The Brooklyn and Philadelphia District Attorneys, both African-American men, have gone where their white colleagues have feared or refused to go by indicting sworn police officers for misconduct and illegal shooting deaths of unarmed civilians.
Ken Thompson, the Brooklyn or Kings County, N.Y., District Attorney, Wednesday announced a grand jury indictment of New York City Police Officer Peter Liang for the shooting death Akai Gurley, 28, in November.
Gurley, an actor, and his girlfriend were walking down the stairs of the Pink Houses, a housing project in Brooklyn, because the elevator was broken. When the two saw Liang, he fired one shot, killing Gurley.
The Brooklyn Grand Jury indicted Liang for second-degree manslaughter, criminally negligent homicide, second-degree assault, reckless endangerment and two counts of official misconduct. The second-degree manslaughter charge carries a maximum of 15 years in prison.
Liang was arraigned Wednesday afternoon in Brooklyn Supreme Court and released without bail.
Liang’s indictment follows the indictment of Philadelphia police officers Sean McKnight and Kevin Robinson for beating Najee Rivera.
Philadelphia District Attorney R. Seth Williams, accompanied by Philadelphia Police Commissioner Charles H. Ramsey, announced the indictments.
According to a news release, McKnight and Robinson chased Rivera on his scooter before knocking him off the bike. Both officers then beat Rivera with their fists and batons, severely injuring Rivera, who sustained a fractured orbital bone and numerous lacerations to his head.
While Rivera was in the hospital, McKnight and Robinson submitted paperwork, falsely accusing Rivera of assaulting Robinson and resisting arrest. Police arrested and charged Rivera with aggravated assault and related offenses.
Police dropped the charges after video evidence showed that the cops falsified their story. The police officers were charged with aggravated assault, simple assault, criminal conspiracy, recklessly endangering another person, tampering with public records or information, false reports to law enforcement authorities, obstructing the administration of law and official oppression, Williams said.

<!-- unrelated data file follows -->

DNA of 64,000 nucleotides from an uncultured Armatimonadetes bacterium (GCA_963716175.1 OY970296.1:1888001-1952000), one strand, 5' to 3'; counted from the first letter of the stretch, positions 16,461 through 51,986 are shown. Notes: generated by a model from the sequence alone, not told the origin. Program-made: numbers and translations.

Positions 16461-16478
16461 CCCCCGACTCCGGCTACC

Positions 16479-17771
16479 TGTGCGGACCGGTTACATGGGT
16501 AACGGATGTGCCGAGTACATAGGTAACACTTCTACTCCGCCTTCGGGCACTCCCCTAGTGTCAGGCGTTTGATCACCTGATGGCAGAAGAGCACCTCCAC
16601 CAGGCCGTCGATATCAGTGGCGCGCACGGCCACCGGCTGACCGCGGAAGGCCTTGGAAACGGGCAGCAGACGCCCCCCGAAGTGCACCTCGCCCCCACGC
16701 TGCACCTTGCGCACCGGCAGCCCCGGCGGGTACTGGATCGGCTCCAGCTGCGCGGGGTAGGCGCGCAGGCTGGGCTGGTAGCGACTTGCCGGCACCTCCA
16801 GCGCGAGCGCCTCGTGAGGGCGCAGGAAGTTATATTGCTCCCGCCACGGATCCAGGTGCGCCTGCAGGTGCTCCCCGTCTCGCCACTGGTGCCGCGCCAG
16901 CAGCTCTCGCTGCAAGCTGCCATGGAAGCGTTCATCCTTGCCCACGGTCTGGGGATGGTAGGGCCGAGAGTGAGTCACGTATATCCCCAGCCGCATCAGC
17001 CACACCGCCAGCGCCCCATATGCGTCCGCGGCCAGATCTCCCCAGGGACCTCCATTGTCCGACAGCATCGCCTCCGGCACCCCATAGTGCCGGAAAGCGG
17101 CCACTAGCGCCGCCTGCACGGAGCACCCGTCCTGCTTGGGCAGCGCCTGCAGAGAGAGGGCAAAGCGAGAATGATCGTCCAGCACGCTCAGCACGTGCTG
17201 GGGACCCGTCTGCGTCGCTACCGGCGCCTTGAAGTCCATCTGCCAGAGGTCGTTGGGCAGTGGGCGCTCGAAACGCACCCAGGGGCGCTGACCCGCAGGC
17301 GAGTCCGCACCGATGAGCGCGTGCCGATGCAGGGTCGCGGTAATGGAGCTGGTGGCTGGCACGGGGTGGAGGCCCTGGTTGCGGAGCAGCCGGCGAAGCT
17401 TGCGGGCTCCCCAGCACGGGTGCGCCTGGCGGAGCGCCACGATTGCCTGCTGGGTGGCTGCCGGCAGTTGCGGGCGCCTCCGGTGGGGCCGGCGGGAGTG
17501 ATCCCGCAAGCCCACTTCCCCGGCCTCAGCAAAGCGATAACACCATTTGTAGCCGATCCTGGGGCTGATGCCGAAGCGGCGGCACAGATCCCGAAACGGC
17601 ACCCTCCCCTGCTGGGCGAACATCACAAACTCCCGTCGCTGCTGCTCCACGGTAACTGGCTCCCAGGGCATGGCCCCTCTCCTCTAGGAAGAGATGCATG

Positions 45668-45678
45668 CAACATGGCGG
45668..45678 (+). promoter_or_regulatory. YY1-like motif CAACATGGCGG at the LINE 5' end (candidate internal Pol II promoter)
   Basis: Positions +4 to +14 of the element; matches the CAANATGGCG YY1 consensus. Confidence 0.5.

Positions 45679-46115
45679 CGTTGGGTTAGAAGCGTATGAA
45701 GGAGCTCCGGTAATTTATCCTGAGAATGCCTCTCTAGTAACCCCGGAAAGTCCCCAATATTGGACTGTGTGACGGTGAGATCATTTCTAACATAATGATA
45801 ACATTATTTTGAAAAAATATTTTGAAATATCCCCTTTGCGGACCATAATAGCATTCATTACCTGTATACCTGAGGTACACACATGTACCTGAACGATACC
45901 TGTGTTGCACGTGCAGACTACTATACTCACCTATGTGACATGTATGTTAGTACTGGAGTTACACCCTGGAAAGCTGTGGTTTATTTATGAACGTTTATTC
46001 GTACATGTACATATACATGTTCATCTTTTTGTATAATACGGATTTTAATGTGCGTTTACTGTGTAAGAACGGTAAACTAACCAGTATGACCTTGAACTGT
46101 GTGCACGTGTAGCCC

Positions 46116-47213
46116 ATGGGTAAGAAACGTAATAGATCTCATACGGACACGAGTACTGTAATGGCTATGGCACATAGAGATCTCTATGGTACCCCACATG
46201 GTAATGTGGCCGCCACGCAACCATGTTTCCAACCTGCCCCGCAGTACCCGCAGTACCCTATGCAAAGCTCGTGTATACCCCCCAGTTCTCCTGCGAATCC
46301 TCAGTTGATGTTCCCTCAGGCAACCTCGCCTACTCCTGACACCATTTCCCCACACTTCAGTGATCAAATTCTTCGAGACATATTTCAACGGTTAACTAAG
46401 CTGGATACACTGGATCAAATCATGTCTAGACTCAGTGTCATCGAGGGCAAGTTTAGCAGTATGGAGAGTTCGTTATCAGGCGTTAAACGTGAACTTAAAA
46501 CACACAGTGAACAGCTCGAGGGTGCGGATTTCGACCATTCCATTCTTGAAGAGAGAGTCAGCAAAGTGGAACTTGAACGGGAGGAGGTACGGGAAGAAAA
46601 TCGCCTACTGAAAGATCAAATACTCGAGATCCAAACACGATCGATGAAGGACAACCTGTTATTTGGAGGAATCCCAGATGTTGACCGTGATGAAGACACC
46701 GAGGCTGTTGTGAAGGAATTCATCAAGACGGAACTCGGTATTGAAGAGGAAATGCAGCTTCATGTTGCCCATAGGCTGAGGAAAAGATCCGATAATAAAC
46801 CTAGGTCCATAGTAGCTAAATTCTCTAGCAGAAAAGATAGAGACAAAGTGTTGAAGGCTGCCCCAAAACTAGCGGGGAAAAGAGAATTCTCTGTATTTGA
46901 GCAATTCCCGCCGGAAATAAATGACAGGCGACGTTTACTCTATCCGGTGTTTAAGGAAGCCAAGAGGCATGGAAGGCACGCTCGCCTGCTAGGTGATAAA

The indictment of three officers follows the failure of a Staten Island Grand Jury to indict New York City Police Officer Daniel Pantaleo in the chokehold death of Eric Garner on July 17, 2014. A bystander filmed Garner’s death.
In Ferguson, Mo., a St. Louis Grand Jury refused to indict police officer Darren Wilson in the shooting death of an unarmed Michael Brown on August 9th. Robert P. McCullough, the St. Louis County District Attorney, later admitted on a radio show that one of the prosecution witnesses lied to the grand jury and did not witness the shooting as she had claimed.
And in Beavercreek, Ohio, two police officers shot and killed John Crawford, 22, as he leaned on a toy rifle while talking on a mobile phone inside a Wal-Mart store. Beavercreek police officers Sean Williams, who shot Crawford and Sergeant David Darkow, Williams’ partner, were not indicted and are back on the job. Crawford was shot to death a few days before Michael Brown. Crawford’s family has sued Wal-Mart, the Beavercreek Police Department, Williams and Darkow.